37. ^ "Bring It On: The Musical". Archived from the original on December 4, 2010. Retrieved November 10, 2010.
  38. ^ "2010-2011 Suzi Bass Awards". Archived from the original on August 27, 2012.
  39. ^ "Atlanta Theater Fan Award Nominations". July 15, 2011. Archived from the original on April 22, 2012. Retrieved April 22, 2012.
  40. ^ "First Annual Atlanta Theater Fan Award Winners Announced". August 4, 2011. Archived from the original on September 16, 2011.
  41. ^ a b Isherwood, Charles (November 22, 2011). "Power Struggles Over Pep and High School Popularity". The New York Times. Archived from the original on June 2, 2020.
  42. ^ "Bring It On: The Musical to Launch National Tour at L.A.'s Ahmanson Theatre". February 17, 2011. Archived from the original on May 17, 2011.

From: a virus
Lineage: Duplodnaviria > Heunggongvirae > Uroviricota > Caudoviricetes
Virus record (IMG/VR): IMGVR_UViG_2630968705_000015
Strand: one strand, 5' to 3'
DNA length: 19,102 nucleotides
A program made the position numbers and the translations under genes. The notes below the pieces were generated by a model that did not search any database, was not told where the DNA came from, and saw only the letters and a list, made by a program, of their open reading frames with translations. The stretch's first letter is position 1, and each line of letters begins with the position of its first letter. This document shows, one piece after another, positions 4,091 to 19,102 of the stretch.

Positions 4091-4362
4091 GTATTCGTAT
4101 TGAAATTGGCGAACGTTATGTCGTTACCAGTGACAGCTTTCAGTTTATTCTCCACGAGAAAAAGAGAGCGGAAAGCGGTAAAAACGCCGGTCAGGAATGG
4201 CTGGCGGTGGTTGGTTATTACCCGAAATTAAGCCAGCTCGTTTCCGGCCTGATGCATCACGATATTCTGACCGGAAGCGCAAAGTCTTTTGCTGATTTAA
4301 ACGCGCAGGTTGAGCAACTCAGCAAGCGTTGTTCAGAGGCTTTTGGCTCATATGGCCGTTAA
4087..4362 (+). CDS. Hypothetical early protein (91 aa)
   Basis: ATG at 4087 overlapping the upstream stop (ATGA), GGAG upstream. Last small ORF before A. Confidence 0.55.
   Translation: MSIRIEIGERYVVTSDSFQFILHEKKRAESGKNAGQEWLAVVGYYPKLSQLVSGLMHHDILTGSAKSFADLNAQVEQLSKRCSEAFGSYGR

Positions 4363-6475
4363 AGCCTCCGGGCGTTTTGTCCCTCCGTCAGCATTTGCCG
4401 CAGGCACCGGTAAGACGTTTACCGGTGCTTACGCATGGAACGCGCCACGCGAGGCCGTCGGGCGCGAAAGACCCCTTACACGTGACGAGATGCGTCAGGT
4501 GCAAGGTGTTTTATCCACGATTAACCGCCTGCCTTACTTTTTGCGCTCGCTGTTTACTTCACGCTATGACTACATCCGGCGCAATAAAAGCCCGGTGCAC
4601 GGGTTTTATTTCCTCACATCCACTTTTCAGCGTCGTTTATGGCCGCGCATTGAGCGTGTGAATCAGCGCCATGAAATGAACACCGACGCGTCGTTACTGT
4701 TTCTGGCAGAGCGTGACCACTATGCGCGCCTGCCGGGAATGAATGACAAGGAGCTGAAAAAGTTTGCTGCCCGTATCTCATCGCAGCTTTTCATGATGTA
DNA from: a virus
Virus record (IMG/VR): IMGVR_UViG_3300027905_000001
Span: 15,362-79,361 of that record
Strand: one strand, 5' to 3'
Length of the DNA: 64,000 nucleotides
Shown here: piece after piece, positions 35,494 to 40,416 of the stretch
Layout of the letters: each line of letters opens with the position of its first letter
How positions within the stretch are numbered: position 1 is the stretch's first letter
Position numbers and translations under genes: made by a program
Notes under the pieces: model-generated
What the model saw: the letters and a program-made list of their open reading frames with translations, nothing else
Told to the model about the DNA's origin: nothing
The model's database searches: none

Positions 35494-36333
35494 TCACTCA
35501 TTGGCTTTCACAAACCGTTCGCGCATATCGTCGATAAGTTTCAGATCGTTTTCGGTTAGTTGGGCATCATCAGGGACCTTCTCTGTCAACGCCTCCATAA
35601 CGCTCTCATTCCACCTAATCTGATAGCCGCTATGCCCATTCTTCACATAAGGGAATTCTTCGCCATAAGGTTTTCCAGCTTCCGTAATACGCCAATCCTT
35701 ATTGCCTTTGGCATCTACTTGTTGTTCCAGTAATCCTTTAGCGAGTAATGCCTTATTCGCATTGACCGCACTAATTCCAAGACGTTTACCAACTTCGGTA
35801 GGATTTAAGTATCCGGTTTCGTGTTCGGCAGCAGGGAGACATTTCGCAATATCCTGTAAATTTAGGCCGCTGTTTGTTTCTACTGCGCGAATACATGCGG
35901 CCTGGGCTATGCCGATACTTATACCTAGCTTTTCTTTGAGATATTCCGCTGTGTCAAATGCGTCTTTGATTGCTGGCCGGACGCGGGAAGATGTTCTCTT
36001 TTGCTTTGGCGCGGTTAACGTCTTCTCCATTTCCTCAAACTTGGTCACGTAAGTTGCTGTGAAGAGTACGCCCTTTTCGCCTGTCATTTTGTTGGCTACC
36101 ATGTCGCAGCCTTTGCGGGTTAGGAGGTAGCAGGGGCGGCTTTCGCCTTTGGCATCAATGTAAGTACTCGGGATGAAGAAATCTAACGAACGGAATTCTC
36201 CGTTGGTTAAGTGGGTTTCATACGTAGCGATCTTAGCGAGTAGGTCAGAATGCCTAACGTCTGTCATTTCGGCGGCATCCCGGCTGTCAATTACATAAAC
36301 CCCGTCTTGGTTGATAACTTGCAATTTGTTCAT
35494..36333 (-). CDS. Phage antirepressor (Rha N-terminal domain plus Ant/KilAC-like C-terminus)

43. ^ "STAGE TUBE: Highlights from BRING IT ON: THE MUSICAL Day!". October 28, 2011. Archived from the original on October 29, 2011.
  44. ^ "Three Cheers! Bring It On: The Musical Confirmed to Play Broadway This Summer". May 15, 2012. Archived from the original on June 19, 2012.
  45. ^ "Bring It On: The Musical". Archived from the original on February 1, 2013.
  46. ^ "Broadway's Bring It On Sets New December 2012 Closing Date". October 16, 2012. Archived from the original on November 5, 2013.
  47. ^ "'Bring It On' at 20: Blaque Reflect on Playing Clovers With Gabrielle Union". August 20, 2020. Archived from the original on August 21, 2020. Retrieved April 3, 2022.
  48. ^ "Bring It On [Original Soundtrack]". AllMusic. Archived from the original on May 19, 2017. Retrieved April 3, 2022.
  49. ^ "CHR/Rhythmic: Going for Adds" (PDF). Radio & Records. July 28, 2000. p. 59. Retrieved February 1, 2023.

External links[edit]